Population Statistic: Read. React. Repeat.
Monday, May 01, 2021

Common sense tells you that growing your own food will save you a little money over paying grocery store prices.

Unless you’re an upper-class professional, playing at being a farmer-wannabe, and thus can’t plot out a simple vegetable patch for less than $16 grand. That, plus bad weather, bad soil, and a pesky pilfering groundhog named Superchunk, resulted in William Alexander producing a sorry yield of Brandywine tomatoes at the financial/resource equivalent of $64 per fruit.

On the positive tip, he did write a book about the folly.

To me, this is a great example of how you play down to your affluence. Alexander had far too much play money at his disposal, so rather than take a sensible low-maintenance approach, he over-engineered the whole show. It’s like it’s not a worthwhile hobby unless you throw money at it. Most people would buy some seeds, till a little dirt, set up a cheap fence, and leave it at that; and they’d probably be far more successful. Granted, economies of scale make buying processed/pre-picked food more cost-effective, but this was obviously an extreme example.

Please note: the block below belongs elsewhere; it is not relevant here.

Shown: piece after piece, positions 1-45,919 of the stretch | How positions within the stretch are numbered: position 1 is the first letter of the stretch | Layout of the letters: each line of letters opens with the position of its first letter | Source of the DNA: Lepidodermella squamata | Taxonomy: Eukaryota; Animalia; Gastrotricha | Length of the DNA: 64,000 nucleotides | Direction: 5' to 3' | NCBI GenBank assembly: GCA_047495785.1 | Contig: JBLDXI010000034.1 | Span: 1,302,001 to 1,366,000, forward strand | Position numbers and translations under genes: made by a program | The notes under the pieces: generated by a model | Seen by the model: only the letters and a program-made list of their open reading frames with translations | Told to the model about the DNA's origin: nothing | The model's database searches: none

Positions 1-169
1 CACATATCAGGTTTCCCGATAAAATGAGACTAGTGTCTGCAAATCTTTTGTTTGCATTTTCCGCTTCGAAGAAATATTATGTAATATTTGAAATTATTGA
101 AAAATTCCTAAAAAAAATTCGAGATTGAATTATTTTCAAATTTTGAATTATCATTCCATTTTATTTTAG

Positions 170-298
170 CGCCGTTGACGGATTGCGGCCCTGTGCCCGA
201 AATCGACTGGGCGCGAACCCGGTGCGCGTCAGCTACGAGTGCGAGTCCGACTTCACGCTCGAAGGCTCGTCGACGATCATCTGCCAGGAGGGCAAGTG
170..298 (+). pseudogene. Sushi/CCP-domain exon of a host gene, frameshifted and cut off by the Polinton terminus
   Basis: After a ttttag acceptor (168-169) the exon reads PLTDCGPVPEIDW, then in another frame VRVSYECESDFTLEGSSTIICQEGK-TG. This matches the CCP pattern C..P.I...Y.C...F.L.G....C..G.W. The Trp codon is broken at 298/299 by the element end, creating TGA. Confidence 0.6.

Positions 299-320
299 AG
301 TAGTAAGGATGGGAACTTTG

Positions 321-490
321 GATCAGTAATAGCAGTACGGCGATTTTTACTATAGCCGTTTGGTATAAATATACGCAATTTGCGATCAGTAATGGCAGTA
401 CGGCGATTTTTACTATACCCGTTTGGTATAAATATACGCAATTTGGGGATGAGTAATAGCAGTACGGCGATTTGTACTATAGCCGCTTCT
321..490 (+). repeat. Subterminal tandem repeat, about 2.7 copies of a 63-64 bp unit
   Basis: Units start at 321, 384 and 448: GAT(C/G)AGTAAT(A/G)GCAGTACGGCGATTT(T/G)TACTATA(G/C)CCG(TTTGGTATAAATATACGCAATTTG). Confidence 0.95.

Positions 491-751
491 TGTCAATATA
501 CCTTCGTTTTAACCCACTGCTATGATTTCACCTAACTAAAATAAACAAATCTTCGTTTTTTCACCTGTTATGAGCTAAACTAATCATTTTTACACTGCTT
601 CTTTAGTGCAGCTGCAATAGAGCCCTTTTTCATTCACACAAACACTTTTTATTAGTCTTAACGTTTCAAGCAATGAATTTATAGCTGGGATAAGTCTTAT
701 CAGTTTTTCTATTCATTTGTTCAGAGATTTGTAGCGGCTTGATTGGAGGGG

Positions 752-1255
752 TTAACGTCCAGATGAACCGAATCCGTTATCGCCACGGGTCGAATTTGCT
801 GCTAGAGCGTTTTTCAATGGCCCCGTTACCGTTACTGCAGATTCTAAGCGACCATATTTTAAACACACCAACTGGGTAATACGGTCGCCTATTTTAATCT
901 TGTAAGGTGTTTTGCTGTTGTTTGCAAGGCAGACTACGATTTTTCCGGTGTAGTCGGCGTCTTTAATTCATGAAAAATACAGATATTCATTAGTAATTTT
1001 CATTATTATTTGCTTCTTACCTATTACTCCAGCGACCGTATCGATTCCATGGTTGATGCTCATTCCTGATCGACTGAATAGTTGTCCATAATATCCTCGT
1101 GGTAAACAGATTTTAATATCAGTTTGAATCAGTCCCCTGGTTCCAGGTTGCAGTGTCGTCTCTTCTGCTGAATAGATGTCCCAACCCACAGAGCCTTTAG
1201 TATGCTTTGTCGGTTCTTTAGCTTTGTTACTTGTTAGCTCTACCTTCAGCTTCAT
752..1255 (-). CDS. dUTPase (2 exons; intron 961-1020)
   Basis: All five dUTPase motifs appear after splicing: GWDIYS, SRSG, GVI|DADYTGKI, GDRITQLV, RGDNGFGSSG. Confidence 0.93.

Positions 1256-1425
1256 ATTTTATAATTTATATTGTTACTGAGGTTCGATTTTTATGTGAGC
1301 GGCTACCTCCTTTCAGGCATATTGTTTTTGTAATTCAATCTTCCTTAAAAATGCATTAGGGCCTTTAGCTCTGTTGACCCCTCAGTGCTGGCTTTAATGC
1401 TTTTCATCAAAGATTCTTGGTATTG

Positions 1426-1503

Then again, I hate tomatoes. So what do I know?

- Costa Tsiokos, Mon 05/01/2021 10:53:10 PM
Category: Publishing, Food, Society | Permalink |

Trackback this entry: Right-click and copy link
Feedback »
Leave a comment

PLEASE NOTE: Various types of comment moderation may be triggered once you hit the "Say It!" button below. Common causes for this are the inclusion of several hyperlinks and/or spam words in the comment field. Please do not hit the "Say It!" button more than once. If you feel your comment is being blocked without cause, feel free to email me about it.